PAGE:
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Allochron - a pure async actor language
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kernel
README.md
allochron.al

README.md

Allochron - A pure async actor language

This is just a collection of ideas for a new pure actor language called Allochron. It's not implemented yet or anything, I'm just playing around with some ideas for semantics and syntax. There's no plan on when and how to implement this but I might end up writing a compiler / interpreter for it running on Rubinius some time in the future. No concrete plans though.

Have a look at the kernel/ files to get a feel for the syntax and semantics I'm working on. Also, here's a short explanation of the current syntax:

Actors

Allochron is a pure actor language. That means that any computation is done via actors sending asynchronous messages to other actors. Actors have private state which can only be shared by sending their state as messages to other actors. Messages sent to other actors always are sent by copy, not by reference (at least at the semantic level - they might actually share data in the background via references / pointers but the language enforces that no two actors can mutate / view the same data at the same time). An actor is defined by a name, some state (slots) and one or many behaviours.

Example:

    ActorName (slot1, slot2, slot3) = msg: {
       match msg {
          'hello { ... }
          'world { ... }
       }
    }

This defines an actor with one behaviour. The actor has 3 slots and the behaviour is defined via the message handler, which is a function of 1 argument (the incoming message). Actors can have multiple behaviours and can switch between them. In fact, any actor can become any other actor by switching to a different behaviour and state, even to those that aren't defined as part of the actor himself. This is somewhat similar to Smalltalk's become. The difference is that it is completely natural and compared to most languages, where this isn't even possible, is used throughout the language.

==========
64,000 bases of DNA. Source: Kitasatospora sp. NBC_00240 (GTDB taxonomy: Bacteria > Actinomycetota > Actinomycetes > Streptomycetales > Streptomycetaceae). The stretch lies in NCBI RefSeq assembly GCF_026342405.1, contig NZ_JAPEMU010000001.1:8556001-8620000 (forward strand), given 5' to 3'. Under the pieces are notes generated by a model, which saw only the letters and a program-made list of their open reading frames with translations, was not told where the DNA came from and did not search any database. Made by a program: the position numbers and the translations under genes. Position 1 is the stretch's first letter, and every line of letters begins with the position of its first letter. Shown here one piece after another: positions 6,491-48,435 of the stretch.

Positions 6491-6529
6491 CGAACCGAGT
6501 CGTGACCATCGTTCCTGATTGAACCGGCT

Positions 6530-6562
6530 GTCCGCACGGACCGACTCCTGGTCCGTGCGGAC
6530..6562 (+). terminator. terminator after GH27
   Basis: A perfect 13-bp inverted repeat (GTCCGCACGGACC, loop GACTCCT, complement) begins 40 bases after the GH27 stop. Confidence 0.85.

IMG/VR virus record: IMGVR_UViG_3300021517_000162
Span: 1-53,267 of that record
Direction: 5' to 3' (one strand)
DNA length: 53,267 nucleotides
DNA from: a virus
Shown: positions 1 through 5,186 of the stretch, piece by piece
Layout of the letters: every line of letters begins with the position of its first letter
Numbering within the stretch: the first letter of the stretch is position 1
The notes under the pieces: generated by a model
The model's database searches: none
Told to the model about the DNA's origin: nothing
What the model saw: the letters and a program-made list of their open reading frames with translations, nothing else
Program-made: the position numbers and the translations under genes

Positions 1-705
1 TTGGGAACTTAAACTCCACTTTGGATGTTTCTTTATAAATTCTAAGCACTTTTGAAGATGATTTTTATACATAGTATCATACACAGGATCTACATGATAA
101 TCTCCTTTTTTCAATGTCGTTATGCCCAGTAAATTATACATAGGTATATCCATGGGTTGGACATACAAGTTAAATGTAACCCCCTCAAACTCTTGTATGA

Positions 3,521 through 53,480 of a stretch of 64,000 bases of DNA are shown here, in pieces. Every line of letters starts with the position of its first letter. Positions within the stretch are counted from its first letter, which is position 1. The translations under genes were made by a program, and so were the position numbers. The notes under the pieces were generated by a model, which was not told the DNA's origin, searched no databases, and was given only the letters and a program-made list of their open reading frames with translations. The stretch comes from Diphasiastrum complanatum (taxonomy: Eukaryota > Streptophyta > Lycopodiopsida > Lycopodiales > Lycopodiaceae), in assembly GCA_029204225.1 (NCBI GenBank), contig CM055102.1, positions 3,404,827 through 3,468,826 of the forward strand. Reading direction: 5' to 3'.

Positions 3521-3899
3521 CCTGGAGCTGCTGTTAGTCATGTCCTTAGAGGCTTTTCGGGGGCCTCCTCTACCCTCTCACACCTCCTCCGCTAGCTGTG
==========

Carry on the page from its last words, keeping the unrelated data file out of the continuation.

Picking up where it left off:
Since the only way to observe other actors is via asynchronous message passing, the behaviour of an actor can change over time and it is inherently internal to that actor. The only way any other actor can notice the change is by the answers it gets from that actor.

Say you have an actor that calculates some value and then it should just return that value, it could just become it. A good example for this are futures which can trivially be implemented in the language itself (see kernel/future.al).

Say you have an adder actor:

    Adder (x) = val: {
      become Future:Value(x + val)
      reply self
    }

Whenever it gets the first message it assumes it's a number, adds it with whatever it was passed for x on creation and becomes a Future. Now whenever another actor sends it a 'read message it will respond with the value directly.

Example:

    Main () = args: {
      adder = spawn Adder(40)
      with (adder <- 2) val: {      # registers callback for response of (adder <- 2)
        println <- val              # prints 42
      }
    }

We spawn a new Adder actor with the value 40, send it 2 as a message and also register an implicit future callback via the with construct. with expects that the expression it wraps replies with a Future, which Adder does (reply self means it replys to the sender of the message with itself).

These are just some initial ideas. I don't plan on having this working anytime soon but if you have any questions, let me know!

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